DAMASCUS - Smoke rose from burning heaps of wreckage Saturday as residents of rural Arkansas cleaned up what was left of their homes after deadly tornadoes scoured a state that has been plagued by severe weather this year.

Arkansas tornado damage
©AP Photo/Danny Johnston
A mobile home is destroyed in Center Ridge, Ark., after storms struck the area Friday, May 2, 2008. A powerful storm system packing tornadoes and heavy winds roared across the nation's midsection early Friday, killing at least seven people in Arkansas including a teenager crushed by a tree while she slept.

All that remained of Shelia Massey's home were a chimney, a bathroom wall, and a bathtub that was her storm shelter.

"God's hand came down and held us there while the rest of the house just blew away," said Massey, 54. "That's all there was to it. The Lord held us there."

A child poking through the rubble found a photograph of Massey's husband, who was not at home when the violent weather struck Friday. The storms killed seven people, damaged or destroyed about 400 homes, and knocked out electrical and telephone service for thousands of customers in 18 counties.

Altogether, meteorologists said more than 25 tornadoes may have touched down across middle America late Thursday and early Friday, but Arkansas was the hardest hit.

Down U.S. 65 from Massey's house, parishioners at Southside Baptist Church salvaged what was left of their old sanctuary and their new church, still under construction.

Men backed up pickup trucks to the front door of the old church and loaded up boxes filled with red-leather hymnals. The storm had collapsed the roof of the their new sanctuary, bending its steel beams like sipping straws.

In the countryside outside Damascus, John Rusin, 62, said he and his wife, Marsha, 60, took shelter in a small room along with two dogs after forecasters broke in on a television show they were watching. Winds almost ripped a mattress out of his arms as he held it over his wife, he said.

"The pressure on it felt like my ears were going to pop off my head," he said.

Only after the storm passed did he realize it had picked up their house and moved it 65 feet off its foundation.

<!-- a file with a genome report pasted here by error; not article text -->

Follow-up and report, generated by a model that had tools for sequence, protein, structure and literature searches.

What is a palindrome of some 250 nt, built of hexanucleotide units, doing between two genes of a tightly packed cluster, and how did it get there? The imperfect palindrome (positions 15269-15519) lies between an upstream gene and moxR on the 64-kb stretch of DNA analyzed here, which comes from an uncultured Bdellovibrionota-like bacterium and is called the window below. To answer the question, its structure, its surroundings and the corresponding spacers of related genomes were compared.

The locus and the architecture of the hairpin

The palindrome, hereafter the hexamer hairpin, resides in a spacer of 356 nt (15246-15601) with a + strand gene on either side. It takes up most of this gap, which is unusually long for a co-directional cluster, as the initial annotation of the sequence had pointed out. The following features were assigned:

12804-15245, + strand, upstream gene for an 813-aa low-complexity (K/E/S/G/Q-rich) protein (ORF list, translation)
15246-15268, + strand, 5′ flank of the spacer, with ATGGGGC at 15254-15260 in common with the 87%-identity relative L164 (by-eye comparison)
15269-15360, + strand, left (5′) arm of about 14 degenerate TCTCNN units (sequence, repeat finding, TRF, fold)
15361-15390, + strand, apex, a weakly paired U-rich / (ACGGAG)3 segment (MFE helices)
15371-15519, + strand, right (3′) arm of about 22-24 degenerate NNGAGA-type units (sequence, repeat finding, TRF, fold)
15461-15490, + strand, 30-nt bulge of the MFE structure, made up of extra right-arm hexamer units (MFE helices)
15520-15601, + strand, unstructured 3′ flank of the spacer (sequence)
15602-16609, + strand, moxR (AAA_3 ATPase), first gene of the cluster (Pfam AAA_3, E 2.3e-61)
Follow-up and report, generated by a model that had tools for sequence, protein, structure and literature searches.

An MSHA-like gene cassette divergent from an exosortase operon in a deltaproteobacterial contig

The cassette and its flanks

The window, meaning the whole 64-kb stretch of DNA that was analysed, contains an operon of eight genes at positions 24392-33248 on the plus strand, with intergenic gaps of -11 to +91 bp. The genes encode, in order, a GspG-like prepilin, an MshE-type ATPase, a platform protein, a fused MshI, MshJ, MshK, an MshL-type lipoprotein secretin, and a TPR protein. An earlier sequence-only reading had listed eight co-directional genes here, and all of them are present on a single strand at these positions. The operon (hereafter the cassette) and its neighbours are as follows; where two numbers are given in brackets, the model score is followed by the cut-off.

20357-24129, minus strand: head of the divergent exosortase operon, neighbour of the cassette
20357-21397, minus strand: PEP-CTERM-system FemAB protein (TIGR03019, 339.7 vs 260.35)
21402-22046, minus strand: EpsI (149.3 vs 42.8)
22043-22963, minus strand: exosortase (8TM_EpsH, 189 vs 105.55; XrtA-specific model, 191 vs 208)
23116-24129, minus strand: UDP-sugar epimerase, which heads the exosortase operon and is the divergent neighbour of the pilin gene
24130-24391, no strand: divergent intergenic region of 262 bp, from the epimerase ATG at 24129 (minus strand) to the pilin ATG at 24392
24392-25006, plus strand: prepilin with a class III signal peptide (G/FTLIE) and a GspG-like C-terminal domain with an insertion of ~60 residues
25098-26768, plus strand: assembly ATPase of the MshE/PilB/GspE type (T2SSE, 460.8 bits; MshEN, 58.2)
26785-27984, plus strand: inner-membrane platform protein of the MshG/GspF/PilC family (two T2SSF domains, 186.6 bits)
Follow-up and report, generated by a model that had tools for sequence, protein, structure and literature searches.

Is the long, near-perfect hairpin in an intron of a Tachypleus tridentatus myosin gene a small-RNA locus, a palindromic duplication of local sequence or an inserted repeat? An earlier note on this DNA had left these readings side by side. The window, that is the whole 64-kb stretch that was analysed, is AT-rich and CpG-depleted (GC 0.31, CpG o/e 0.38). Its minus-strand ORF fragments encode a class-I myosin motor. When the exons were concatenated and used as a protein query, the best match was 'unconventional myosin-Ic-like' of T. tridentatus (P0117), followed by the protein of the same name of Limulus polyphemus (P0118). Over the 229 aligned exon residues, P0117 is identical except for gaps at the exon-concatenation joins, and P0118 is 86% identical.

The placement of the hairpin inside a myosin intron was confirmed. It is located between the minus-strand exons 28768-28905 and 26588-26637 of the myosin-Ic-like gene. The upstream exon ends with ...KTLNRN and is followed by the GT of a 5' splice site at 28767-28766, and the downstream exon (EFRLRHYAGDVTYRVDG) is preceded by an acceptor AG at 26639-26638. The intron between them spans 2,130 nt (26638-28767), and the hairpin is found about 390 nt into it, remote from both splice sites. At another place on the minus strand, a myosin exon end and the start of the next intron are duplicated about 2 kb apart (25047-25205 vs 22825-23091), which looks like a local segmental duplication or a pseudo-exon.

Public officials offered comfort and support. U.S. Rep. Vic Snyder, D-Ark., and a staff member shook hands with volunteers cleaning the church, and Gov. Mike Beebe toured damaged areas. He has declared 11 counties disaster areas.

National Weather Service teams were sent out to survey damage for their count of the tornadoes, and state emergency management workers helped county officials with damage assessments. Arkansas National Guard members were on hand to provide security.

Elsewhere Saturday, four weak tornadoes tore through northern Tennessee in the early morning, ripping mobile homes from foundations, snapping trees and destroying a wooden pavilion at the fairgrounds in Clarksville.

The tornadoes were spawned by an arc of strong thunderstorms moving through the South. At least two dozen homes were damaged and power knocked out in Mississippi's Union County. No serious injuries were reported in the storms.

A line of storms crossing southeastern Louisiana damaged trees and homes. The Weather Service reported 6 inches of rain in parts of St. Tammany and Tangipahoa parishes, with estimates of 10 inches in places, meteorologist Bob Wagner said. Flooding was expected along the Bogue Falaya River at Camp Covington, in St. Tammany, but there was no immediate estimate of how many people lived in the area.

In Arkansas, Massey, like others in rural Van Buren County, learned of the approaching tornado from a friend who lived miles south in the larger town of Perryville and had seen television news reports.

Massey and her daughter ran to the bathroom with Massey's three grandsons, ages 2 weeks, 2 and 4. The boys and their mother slumped down in the tub, covered by sofa cushions, while Massey held on to the outside. Massey said she felt the house shake and the bathtub begin to move as the storm hit. A wall fell on them, but instead of causing injury it provided protection against other debris.

Catastrophic weather has been a recurring event in Arkansas this year, with at least 26 deaths, most occurring in rural communities and on farms far from the nearest warning siren.

Six of those who died Friday resided among the rolling hills and piney woods of central Arkansas. A 4-year-old girl and her grandparents died when a tornado struck their home near Bee Branch, north of Damascus. A teenage girl died in the city of Siloam Springs in northwest Arkansas.

Near Center Ridge in Conway County, Beebe paused briefly to watch a bulldozer shove drywall, bedding and a television set into a burn pile.

Beebe acknowledged that state officials have become adept at responding to disasters since tornadoes killed 13 Arkansans on Feb. 5. After that bout of severe weather, the state endured a foot-deep snowfall; later, at least five people died in widespread flooding.

"It never gets any easier," Beebe said.

After walking past mud-stained clothes drying on an uprooted tree, Beebe spoke with Bobby Rose, 43, who was helping clean up after Friday's storm. The governor offered his condolences to residents of the rural neighborhood, but Rose remained upbeat.

"This is Arkansas," Rose said. "We hold up."